A small but beautiful coral reef circling the island is ideal for snorkeling (masks and fins are available to rent on-shore), and a stunning white sand beach offers optimal sunbathing.  A small restaurant sells drinks and refreshments; the menu may be limited to fish, chips, and salad, but with fish this fresh, you don’t need anything else.



Take a walking tour through Stone Town’s fascinating history and present vibrant culture.  This mystical town is the heart of Zanzibar.  Constructed from coral stone during the 19th and 20th centuries, it was declared a Unesco World Heritage Site in 2000.  In this lively town, you’ll find a mixture of Arabic, African, Indian and European cultures existing comfortably together.

As you walk through a labyrinth of streets too narrow for cars to pass, you’ll see mosques, churches and temples rubbing shoulders.  While you wander the city, your guide will take you on a historical and cultural journey through the old slave market, Darajani marketplace, the House of Wonders, the Old Fort and the Sultan’s Palace.  While the tour is only half a day, we recommend you stay in Stone Town longer to discover so many more hidden jewels.  Forodhani Gardens in particular is worth a visit – especially when it comes alive at night, morphing into one of the best street food markets in East Africa.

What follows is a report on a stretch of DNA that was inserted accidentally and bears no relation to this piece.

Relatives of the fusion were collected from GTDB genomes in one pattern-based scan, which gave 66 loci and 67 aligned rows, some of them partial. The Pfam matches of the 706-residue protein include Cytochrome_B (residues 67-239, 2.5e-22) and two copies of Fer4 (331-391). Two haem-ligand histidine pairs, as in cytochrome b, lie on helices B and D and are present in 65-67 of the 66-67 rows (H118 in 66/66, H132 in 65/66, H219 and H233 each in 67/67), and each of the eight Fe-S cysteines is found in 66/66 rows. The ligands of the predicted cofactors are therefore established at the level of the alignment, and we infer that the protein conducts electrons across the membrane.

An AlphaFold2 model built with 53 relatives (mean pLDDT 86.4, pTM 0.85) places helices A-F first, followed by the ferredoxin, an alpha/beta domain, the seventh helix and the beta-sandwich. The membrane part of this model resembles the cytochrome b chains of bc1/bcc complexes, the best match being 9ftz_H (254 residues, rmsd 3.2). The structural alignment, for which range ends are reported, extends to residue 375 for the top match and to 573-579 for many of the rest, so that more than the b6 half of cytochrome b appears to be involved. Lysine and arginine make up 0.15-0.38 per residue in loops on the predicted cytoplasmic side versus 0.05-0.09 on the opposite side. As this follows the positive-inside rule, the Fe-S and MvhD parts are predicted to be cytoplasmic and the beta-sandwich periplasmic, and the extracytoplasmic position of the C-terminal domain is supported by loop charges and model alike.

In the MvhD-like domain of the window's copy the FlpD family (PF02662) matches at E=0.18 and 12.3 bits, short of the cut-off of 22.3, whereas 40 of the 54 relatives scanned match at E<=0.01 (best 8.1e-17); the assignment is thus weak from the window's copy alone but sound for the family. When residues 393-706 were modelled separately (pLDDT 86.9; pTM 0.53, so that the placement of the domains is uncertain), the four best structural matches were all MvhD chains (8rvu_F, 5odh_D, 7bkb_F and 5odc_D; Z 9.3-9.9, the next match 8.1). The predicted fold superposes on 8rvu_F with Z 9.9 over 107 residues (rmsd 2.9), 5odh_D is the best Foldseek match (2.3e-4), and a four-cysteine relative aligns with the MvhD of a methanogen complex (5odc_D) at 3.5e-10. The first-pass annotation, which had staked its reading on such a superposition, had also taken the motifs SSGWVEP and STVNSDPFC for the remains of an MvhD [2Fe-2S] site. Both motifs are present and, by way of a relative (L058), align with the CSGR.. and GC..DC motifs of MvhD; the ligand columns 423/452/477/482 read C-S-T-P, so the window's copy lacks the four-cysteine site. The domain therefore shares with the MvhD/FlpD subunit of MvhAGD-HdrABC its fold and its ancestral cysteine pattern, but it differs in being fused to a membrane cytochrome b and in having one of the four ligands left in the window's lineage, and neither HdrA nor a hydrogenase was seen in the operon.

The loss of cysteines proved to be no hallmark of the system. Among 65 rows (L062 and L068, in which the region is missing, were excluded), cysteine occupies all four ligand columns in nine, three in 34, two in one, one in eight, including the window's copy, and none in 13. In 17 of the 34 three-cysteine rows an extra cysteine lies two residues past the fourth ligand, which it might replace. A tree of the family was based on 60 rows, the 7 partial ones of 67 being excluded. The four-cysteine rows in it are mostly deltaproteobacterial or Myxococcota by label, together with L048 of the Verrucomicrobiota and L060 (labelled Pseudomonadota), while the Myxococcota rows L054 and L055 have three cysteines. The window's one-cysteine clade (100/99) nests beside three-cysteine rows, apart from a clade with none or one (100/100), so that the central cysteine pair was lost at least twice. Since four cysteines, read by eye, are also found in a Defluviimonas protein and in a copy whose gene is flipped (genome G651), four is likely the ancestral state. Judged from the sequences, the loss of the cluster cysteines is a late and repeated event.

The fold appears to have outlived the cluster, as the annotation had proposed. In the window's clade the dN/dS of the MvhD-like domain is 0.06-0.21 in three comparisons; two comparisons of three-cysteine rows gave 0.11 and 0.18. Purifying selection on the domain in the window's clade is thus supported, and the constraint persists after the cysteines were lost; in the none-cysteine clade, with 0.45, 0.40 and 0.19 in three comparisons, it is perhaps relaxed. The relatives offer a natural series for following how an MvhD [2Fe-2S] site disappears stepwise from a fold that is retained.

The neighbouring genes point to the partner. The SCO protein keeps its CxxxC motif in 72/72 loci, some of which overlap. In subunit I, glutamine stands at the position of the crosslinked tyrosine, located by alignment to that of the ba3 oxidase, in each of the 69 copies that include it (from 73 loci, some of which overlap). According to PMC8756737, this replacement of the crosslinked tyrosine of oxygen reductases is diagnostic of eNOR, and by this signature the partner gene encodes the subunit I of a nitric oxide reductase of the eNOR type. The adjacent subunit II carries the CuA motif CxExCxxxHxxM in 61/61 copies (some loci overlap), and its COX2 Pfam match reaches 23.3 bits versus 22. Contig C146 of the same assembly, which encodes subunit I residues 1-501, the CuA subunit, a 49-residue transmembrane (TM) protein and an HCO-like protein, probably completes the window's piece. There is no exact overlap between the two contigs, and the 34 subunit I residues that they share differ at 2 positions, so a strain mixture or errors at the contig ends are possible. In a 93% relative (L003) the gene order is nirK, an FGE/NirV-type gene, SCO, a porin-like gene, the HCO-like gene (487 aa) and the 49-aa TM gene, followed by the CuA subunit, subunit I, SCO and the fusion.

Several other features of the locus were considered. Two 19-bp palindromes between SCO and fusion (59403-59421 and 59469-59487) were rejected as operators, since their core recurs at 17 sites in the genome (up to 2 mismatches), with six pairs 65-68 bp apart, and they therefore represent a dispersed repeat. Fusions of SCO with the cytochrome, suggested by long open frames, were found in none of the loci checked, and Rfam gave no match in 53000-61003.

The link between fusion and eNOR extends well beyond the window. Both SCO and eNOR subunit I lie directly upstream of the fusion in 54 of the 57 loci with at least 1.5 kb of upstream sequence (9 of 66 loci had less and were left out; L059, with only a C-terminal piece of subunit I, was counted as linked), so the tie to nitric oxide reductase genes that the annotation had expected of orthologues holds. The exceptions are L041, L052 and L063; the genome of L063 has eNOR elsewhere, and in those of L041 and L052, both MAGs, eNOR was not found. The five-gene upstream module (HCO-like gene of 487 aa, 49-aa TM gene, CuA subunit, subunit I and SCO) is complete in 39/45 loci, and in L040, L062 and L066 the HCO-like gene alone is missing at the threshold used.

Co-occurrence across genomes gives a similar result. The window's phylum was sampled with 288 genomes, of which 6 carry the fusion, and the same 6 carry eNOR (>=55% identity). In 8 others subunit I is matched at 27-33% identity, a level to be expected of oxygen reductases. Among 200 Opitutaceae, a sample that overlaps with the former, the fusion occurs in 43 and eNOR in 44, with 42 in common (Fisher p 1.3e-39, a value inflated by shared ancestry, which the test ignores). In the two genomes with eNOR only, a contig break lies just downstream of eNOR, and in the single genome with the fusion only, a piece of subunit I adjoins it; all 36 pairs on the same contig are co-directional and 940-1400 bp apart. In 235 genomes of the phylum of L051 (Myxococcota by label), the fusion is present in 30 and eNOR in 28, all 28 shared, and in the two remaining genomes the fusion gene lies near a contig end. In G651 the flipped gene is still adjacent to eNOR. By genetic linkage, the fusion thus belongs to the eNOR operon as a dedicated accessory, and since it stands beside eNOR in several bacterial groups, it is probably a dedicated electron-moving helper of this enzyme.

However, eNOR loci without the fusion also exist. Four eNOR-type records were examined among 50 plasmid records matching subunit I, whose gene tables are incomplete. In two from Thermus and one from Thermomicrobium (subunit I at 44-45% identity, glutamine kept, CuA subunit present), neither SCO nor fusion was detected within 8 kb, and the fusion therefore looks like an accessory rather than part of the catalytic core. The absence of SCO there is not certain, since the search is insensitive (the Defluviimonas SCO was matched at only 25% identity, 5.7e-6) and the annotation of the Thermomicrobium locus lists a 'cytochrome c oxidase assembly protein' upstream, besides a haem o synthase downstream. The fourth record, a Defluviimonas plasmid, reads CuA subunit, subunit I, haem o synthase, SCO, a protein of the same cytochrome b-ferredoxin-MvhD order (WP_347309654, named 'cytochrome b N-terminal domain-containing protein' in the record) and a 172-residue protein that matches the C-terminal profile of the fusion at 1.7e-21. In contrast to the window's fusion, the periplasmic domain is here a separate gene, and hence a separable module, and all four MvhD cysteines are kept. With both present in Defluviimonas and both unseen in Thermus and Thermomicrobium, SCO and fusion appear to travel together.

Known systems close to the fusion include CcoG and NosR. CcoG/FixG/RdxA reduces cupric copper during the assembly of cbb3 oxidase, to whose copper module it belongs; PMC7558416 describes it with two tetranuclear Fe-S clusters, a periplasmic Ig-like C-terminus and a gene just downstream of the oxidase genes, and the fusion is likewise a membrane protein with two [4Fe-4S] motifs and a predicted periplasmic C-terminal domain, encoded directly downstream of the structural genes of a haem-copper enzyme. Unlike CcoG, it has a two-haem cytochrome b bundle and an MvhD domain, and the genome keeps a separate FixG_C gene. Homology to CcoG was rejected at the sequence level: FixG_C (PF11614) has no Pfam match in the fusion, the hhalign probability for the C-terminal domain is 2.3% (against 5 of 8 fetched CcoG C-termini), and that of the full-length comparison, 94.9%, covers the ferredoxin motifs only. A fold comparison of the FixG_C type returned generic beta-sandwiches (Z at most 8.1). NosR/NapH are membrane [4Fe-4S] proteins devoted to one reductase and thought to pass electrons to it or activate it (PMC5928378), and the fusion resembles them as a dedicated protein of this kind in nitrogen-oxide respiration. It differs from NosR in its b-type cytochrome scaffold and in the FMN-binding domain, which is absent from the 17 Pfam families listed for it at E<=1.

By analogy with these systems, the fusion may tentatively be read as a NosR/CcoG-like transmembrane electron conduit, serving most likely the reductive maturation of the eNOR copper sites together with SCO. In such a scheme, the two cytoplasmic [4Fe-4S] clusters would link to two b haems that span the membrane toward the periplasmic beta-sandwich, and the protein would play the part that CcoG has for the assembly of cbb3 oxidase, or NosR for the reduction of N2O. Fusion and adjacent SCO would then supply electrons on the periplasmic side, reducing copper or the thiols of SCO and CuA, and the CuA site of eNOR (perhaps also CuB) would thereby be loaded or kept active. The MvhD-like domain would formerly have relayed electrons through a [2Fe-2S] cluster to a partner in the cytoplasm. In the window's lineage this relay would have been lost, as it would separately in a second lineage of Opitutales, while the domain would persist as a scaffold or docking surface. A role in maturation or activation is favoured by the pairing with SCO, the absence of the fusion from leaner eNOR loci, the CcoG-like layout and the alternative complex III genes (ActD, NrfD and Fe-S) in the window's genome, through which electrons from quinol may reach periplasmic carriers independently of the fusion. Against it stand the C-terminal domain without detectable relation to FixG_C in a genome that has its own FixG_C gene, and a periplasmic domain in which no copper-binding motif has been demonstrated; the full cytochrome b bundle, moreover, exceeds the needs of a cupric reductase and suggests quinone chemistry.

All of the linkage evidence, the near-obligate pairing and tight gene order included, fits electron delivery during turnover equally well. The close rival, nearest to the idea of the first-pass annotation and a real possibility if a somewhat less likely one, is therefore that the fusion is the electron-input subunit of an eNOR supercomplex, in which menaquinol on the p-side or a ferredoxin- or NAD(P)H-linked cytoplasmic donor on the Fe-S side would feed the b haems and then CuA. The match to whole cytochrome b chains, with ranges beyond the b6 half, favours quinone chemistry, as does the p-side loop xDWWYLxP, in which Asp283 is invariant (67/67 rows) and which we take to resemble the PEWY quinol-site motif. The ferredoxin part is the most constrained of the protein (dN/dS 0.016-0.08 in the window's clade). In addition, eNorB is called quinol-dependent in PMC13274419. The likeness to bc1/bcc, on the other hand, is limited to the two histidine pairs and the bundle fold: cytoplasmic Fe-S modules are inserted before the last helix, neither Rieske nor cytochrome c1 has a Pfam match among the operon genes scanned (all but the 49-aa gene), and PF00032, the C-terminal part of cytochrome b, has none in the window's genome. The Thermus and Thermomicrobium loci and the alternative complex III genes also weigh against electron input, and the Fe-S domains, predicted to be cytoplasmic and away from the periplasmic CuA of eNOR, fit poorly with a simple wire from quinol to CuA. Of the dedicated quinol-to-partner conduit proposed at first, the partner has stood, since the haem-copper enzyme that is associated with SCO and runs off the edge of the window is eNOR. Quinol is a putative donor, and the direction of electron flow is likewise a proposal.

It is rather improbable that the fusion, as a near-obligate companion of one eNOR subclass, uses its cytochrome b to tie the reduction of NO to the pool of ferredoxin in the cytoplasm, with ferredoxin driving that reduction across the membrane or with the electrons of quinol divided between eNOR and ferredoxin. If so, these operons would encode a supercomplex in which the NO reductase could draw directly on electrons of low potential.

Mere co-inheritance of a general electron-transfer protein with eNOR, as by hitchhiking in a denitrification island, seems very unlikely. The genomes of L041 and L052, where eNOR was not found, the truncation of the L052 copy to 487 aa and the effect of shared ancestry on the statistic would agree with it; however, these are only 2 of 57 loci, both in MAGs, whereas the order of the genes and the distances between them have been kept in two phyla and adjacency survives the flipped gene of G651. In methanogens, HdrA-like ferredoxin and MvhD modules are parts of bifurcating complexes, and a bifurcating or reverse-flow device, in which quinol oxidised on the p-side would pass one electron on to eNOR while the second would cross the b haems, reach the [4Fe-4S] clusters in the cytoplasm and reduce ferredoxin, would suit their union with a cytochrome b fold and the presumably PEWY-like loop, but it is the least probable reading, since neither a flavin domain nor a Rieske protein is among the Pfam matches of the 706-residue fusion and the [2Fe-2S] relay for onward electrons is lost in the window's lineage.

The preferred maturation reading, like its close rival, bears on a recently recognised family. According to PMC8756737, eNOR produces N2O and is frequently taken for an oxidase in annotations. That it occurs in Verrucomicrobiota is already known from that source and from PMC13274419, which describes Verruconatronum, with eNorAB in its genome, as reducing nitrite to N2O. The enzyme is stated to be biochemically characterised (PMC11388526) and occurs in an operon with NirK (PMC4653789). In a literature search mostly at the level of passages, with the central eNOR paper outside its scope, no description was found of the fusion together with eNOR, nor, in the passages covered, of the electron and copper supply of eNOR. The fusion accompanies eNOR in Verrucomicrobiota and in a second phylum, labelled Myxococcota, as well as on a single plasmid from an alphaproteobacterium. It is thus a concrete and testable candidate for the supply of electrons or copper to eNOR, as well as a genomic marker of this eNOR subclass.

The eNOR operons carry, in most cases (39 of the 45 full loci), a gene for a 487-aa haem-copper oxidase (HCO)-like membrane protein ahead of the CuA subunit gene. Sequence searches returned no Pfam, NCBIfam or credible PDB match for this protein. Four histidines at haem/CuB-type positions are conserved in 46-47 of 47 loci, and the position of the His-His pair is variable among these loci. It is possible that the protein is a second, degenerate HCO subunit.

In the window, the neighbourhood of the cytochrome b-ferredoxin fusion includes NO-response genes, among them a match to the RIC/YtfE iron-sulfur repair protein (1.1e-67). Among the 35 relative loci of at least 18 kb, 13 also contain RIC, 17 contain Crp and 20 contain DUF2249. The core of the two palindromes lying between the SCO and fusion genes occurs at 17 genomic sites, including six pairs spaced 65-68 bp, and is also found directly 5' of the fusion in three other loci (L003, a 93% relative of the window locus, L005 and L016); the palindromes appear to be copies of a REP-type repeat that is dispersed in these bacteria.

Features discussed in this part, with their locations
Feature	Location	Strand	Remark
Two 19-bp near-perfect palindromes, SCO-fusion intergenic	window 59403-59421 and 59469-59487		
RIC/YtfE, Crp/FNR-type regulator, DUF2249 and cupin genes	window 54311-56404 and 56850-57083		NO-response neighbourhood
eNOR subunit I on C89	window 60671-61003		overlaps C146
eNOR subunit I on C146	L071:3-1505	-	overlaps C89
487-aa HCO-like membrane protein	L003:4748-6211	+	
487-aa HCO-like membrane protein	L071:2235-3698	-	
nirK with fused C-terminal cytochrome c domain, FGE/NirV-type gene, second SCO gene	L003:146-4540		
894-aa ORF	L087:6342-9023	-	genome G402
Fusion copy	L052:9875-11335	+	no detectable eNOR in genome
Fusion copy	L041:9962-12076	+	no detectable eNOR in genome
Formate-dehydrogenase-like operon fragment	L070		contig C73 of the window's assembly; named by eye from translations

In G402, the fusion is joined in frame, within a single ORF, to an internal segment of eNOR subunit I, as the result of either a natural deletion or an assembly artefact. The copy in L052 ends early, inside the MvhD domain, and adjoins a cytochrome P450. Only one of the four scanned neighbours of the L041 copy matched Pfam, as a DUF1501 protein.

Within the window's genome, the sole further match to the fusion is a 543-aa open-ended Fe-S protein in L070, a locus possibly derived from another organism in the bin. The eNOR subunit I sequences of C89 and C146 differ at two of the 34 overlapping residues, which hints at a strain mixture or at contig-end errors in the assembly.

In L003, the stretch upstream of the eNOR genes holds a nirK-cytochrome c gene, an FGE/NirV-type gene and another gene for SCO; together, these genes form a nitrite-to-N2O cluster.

Much of Zanzibar’s natural forest has been lost to agriculture or construction, but the Jozani Forest, a protected reserve, is the largest conservation area in Zanzibar.  Conveniently located in the centre of Zanzibar – about 24 km southeast of Stone Town – and 44 square kilometers large, the Jozani Forest covers approximately 3 percent of the Unguja island.

You’ll explore a large mangrove swamp and natural coral rag forest that is home to over 100 different trees and fauna, including the endangered red colobus monkey.  With a population estimated at fewer than 2,000, the red colubus monkey is one of the rarest monkeys in Africa and can only be found on the main island of the Zanzibar archipelago.  Sykes monkeys, bush babies, duikers, hyraxes, over 50 species of butterfly and 40 species of birds may make appearances, too!

Local residents operate tree nurseries and manage the reserve, acting as rangers and guides. From the visitors’ centre, you will follow a guided 45-minute nature trail into the awe-inspiring, peaceful forest.  You may well even spot the elusive red colobus monkey.



Schools of bottle-nosed and humpback dolphins are waiting for you just a breezy boat ride away from Matemwe fishing village on the north east coast of the island.  If you’re lucky, and the dolphins are feeling friendly, you may be able to swim up close with them – an unforgettable experience in one of the island’s protected, and most pristine, marine conservation areas.

In addition to its natural beauty the Mnemba Atoll offers stunning diving, snorkelling and designated deep sea fishing areas.